World Library  
Flag as Inappropriate
Email this Article

Radoslav Čelnik

Article Id: WHEBN0003689013
Reproduction Date:

Title: Radoslav Čelnik  
Author: World Heritage Encyclopedia
Language: English
Subject: History of Vojvodina, List of Serbs, History of Serbia, Jovan Nenad, Serbian Grand Principality
Collection:
Publisher: World Heritage Encyclopedia
Publication
Date:
 

Radoslav Čelnik

Radoslav Čelnik
Duke of Syrmia
Radoslav Čelnik's province (1527–30)
Reign 1527–1532
Predecessor Emperor Jovan Nenad

Radoslav Čelnik (Serbian Cyrillic: Радослав Челник, Hungarian: Radoszláv Cselnik; fl. 1526–1532), known as Vojvoda Rajko (војвода Рајко), was a Serb general (vojvoda) in the army of Jovan Nenad, the titular Serbian Emperor who held present-day Vojvodina, who after the death of Jovan Nenad (1527) took part of the army from Bačka to Syrmia and acceded into Ottoman service. Radoslav then ruled over Syrmia as "Duke of Syrmia (Srem)", initially as an Ottoman vassal (1527–1530) and then as a Habsburg vassal (1530–1532), until the region was conquered by the Ottomans. His residence and capital was in Slankamen.

Contents

  • Life 1
    • Service under Jovan Nenad 1.1
    • Rule of Syrmia 1.2
    • Retreat into Hungarian/Habsburg territory 1.3
  • Aftermath and legacy 2
  • Annotations 3
  • References 4

Life

Radoslav hailed from Orahovica.[1]

Service under Jovan Nenad

He was one of the generals of Jovan Nenad, the titular Serbian Emperor who occupied a province of the former Kingdom of Hungary which had been conquered by the Ottomans in 1526, in present-day Vojvodina. Jovan Nenad had defeated the Ottomans in Syrmia and the neighbouring regions, and had supported Ferdinand after John Zapolya refused to acknowledge his rule over Bačka, Banat and Syrmia. After defeating Zapolya's army he had himself proclaimed "Serbian Emperor". Jovan Nenad's army was then led by the chief general, Radoslav. In 1526, Radoslav held a province under Jovan Nenad, which included a town known as Belzond, near Sonta.[2] By the beginning of 1527 the army had ca. 15,000 soldiers. In 1527, he is mentioned alongside Emperor Jovan in Subotica as his "personal and general captain".[3]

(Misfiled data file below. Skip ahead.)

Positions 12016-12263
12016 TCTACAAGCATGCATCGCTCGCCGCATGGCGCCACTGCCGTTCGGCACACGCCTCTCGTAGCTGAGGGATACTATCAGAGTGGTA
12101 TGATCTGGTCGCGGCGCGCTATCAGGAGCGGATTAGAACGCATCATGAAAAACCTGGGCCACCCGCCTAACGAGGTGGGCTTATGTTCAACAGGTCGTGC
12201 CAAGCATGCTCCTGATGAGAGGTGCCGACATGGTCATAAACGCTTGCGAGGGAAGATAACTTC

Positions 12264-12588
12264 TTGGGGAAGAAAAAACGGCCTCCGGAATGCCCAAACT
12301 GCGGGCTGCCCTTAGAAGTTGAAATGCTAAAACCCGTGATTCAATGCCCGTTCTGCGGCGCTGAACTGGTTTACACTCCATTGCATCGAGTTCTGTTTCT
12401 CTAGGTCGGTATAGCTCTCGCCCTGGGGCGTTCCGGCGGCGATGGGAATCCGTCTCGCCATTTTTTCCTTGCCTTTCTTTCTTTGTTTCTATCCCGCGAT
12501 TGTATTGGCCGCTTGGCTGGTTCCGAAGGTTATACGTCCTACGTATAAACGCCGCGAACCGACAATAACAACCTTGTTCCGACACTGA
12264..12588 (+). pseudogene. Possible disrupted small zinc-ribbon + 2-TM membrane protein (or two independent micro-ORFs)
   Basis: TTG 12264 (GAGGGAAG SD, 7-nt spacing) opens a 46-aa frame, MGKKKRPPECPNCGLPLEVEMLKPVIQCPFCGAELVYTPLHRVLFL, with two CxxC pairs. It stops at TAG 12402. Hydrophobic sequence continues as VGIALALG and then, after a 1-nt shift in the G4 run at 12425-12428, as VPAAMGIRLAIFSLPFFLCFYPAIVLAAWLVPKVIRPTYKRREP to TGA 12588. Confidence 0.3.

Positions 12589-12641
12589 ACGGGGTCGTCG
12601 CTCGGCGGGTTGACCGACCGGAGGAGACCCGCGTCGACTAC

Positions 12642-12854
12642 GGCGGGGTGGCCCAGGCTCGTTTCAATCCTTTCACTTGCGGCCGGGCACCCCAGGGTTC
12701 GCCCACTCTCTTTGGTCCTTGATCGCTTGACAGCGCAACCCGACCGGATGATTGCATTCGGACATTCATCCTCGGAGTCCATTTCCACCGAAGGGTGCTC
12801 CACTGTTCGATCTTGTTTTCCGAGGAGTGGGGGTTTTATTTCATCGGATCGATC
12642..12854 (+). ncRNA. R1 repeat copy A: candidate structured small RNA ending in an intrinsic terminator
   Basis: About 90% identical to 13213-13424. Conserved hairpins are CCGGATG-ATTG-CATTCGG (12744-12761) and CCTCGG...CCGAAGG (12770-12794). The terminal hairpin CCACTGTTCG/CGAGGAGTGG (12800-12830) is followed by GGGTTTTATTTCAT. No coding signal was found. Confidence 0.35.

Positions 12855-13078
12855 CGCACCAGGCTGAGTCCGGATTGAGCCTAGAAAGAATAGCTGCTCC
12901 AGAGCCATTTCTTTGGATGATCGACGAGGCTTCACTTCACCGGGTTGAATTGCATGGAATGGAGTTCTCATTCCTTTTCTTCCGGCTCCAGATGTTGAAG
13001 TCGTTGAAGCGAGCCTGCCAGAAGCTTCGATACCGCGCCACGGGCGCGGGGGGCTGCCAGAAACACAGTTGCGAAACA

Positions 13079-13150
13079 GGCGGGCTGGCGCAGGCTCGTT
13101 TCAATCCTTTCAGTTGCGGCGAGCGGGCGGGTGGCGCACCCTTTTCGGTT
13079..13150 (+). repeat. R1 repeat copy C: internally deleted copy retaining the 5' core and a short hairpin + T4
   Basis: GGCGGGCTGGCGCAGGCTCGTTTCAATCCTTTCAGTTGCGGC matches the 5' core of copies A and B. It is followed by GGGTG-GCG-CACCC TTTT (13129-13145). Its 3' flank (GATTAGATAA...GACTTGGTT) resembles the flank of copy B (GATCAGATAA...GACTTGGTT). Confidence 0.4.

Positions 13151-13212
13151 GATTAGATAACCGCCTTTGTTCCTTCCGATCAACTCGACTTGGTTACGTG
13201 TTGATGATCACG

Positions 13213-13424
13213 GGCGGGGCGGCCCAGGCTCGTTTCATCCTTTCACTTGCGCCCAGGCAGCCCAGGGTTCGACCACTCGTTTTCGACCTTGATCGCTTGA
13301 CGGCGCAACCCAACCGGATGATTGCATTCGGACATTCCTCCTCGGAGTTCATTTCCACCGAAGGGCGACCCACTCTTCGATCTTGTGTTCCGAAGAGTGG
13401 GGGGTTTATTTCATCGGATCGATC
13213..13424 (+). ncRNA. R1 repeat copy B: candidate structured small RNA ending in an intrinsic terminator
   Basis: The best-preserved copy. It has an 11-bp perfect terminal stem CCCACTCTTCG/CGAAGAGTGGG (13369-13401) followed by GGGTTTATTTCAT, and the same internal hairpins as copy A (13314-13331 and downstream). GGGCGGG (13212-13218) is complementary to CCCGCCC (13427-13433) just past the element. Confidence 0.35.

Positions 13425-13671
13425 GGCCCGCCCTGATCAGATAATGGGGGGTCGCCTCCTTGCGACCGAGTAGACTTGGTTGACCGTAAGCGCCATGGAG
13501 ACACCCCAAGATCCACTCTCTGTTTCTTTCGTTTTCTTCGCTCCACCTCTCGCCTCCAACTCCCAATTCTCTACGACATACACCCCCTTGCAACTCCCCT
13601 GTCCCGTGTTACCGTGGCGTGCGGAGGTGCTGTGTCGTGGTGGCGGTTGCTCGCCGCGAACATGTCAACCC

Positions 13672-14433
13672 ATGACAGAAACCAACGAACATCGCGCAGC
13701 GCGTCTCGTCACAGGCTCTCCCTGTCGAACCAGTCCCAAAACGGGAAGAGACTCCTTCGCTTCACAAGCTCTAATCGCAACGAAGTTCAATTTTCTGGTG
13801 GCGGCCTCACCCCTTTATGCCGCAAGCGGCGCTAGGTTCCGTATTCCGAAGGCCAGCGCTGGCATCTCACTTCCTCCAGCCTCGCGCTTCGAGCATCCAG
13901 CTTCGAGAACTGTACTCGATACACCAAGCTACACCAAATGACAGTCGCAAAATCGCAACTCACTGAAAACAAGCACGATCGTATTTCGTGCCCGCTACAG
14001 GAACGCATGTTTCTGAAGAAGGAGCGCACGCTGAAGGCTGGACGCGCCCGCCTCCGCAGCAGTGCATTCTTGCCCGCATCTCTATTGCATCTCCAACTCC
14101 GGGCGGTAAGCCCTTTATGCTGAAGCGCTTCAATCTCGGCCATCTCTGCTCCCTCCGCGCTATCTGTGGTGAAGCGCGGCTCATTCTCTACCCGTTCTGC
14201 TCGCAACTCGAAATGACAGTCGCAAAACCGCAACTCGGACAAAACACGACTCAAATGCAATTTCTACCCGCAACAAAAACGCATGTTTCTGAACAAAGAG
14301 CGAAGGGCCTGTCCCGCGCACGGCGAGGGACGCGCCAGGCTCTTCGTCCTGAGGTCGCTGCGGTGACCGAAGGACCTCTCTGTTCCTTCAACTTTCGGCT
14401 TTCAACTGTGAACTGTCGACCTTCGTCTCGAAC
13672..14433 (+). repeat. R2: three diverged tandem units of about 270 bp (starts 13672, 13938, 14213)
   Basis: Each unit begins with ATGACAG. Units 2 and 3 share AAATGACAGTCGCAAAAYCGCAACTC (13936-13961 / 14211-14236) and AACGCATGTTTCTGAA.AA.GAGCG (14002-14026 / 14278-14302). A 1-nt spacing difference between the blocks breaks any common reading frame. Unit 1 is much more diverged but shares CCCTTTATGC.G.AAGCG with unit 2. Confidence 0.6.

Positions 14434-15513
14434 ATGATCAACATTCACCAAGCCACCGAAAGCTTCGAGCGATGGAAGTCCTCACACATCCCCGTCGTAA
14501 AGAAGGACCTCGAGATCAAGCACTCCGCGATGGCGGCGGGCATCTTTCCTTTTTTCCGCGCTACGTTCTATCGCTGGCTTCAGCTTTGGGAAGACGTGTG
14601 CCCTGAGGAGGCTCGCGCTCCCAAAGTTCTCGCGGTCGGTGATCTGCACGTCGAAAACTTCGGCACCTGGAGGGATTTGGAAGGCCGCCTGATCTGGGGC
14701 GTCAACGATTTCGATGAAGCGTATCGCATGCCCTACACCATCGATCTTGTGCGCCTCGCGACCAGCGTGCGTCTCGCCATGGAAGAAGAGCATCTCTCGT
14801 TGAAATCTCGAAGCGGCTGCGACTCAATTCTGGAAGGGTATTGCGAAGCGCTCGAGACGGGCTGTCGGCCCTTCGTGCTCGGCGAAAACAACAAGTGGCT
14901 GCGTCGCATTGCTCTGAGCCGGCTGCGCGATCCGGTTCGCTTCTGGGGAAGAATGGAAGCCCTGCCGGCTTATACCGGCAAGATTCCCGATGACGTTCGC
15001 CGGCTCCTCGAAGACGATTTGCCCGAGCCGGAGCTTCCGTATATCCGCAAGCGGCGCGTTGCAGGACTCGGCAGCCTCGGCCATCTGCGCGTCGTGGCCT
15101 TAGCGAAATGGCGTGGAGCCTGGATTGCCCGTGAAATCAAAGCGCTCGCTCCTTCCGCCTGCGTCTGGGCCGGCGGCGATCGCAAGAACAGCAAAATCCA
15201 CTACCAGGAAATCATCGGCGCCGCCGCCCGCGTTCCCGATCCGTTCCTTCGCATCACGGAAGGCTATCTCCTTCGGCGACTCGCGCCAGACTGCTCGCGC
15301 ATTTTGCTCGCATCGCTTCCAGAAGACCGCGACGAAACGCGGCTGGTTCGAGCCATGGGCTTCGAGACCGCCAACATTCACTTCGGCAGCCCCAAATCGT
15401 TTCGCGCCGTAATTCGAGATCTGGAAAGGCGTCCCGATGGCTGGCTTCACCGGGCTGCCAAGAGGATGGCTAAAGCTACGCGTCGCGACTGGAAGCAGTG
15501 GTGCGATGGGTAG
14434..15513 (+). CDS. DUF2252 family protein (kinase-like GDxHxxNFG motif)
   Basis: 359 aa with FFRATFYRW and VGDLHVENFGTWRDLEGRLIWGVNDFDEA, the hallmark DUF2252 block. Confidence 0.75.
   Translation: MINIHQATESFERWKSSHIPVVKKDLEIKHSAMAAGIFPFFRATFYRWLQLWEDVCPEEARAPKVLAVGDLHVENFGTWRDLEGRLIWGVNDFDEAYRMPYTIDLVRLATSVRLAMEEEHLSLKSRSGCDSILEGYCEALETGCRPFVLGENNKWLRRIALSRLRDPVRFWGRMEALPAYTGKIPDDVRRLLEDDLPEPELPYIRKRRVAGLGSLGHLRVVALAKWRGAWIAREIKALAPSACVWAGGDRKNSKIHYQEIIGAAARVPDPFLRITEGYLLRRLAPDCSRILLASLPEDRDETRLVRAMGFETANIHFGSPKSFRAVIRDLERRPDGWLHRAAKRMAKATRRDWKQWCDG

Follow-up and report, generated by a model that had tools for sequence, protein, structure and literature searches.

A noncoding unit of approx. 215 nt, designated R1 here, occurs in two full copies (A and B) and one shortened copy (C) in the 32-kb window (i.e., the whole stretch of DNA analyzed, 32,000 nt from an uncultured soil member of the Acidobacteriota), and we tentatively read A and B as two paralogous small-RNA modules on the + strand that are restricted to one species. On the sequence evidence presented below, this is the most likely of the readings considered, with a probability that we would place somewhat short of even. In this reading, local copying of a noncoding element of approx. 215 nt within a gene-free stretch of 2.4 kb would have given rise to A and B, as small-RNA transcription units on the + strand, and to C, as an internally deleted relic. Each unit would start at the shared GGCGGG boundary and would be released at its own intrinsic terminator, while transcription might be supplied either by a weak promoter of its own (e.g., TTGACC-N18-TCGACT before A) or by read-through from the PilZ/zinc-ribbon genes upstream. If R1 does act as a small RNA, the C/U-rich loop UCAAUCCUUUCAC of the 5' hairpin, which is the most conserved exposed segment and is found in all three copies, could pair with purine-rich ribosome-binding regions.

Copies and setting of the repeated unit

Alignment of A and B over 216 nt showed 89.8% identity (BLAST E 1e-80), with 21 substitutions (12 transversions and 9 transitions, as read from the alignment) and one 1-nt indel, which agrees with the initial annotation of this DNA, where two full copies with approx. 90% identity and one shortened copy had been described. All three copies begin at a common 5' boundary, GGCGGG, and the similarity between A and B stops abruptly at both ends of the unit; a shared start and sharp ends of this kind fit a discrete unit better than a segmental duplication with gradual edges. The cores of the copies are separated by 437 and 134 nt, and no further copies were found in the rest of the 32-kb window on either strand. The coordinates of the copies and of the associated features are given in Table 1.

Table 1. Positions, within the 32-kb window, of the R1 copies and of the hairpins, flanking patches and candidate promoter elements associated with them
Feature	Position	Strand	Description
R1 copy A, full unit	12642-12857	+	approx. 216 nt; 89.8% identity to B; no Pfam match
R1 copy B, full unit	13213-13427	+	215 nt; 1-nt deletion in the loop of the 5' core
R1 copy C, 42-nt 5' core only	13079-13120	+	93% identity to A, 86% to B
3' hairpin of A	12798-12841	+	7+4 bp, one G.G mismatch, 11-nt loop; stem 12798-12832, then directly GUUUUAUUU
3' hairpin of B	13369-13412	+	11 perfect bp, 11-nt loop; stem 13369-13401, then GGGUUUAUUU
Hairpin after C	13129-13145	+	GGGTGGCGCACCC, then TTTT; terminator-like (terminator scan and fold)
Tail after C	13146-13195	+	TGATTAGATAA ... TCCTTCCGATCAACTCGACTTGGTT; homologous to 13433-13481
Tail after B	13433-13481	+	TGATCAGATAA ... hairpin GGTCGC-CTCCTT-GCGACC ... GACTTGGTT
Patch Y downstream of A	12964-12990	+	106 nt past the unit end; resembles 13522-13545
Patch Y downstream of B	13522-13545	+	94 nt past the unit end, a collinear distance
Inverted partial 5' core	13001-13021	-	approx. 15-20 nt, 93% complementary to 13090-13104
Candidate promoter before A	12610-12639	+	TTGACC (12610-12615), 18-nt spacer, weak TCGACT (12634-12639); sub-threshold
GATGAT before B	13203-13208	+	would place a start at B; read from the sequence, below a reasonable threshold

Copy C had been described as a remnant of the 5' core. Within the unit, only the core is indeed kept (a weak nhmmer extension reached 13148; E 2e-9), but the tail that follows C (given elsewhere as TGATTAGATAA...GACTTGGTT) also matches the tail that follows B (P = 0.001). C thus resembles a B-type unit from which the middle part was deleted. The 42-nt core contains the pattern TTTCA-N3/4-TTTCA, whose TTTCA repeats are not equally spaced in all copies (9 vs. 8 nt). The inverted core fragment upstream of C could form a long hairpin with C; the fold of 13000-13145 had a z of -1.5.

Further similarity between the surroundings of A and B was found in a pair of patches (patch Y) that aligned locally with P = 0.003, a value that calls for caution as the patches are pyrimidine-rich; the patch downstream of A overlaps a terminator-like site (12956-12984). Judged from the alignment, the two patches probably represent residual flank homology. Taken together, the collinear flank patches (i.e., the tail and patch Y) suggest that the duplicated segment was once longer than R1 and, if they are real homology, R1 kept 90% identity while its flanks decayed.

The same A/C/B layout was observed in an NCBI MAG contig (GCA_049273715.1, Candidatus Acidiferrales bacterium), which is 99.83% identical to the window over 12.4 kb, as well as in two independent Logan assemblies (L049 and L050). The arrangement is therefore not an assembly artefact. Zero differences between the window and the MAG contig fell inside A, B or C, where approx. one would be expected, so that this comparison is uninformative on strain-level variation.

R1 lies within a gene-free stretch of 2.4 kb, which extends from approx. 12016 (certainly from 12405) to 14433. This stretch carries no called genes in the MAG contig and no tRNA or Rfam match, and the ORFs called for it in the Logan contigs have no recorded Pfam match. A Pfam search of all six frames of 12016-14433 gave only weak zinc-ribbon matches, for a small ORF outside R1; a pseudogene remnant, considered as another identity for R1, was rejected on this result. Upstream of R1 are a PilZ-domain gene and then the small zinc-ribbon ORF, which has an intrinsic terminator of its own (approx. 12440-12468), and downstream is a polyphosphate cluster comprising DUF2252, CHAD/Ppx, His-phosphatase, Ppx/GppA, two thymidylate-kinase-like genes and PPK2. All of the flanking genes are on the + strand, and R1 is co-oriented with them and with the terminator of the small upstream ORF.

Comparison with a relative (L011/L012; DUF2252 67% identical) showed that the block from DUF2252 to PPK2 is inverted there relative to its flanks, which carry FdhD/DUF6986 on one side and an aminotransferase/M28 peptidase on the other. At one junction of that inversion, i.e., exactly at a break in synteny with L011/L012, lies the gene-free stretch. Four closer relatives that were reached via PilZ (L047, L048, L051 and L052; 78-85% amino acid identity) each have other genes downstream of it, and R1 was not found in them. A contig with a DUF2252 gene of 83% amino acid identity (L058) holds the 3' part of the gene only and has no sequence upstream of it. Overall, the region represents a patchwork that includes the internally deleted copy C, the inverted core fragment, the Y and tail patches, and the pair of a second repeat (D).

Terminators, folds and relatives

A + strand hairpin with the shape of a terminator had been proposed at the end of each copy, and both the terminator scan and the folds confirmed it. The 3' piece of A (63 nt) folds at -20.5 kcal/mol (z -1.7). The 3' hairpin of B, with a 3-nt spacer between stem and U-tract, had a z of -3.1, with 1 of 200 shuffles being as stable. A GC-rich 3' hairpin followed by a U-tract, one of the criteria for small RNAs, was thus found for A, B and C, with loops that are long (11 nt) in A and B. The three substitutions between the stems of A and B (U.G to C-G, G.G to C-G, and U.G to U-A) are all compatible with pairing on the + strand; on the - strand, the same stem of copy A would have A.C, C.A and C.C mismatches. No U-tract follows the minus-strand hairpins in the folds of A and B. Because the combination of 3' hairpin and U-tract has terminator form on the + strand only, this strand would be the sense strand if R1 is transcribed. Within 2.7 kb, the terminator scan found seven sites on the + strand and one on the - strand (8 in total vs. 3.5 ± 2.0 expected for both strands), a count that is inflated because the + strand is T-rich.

After the murder of Jovan Nenad (1527) and fall of the territory, Radoslav had an army of 2,000 in Upper Podunavlje.[4] He had taken part of the destroyed and dispersed army from Bačka to Syrmia, and acceded into Ottoman service.[3]

Rule of Syrmia

Radoslav then ruled over Syrmia as an Ottoman vassal and styled himself as the "Duke of Syrmia (Srem)", while his residence was in Slankamen.

At the same, he also secretly kept relations with the Habsburgs, which the Ottomans soon understood. Ferdinand had much hope in Radoslav.[5] When the Ottoman army passed through Srem, Radoslav Čelnik crossed into Habsburg territory, and then returned when they had left. In 1530 he denounced the Ottoman vassalage and officially became a Habsburg nobleman, entitled the rule of Syrmia. In 1532, the Ottomans conquered Syrmia.

Retreat into Hungarian/Habsburg territory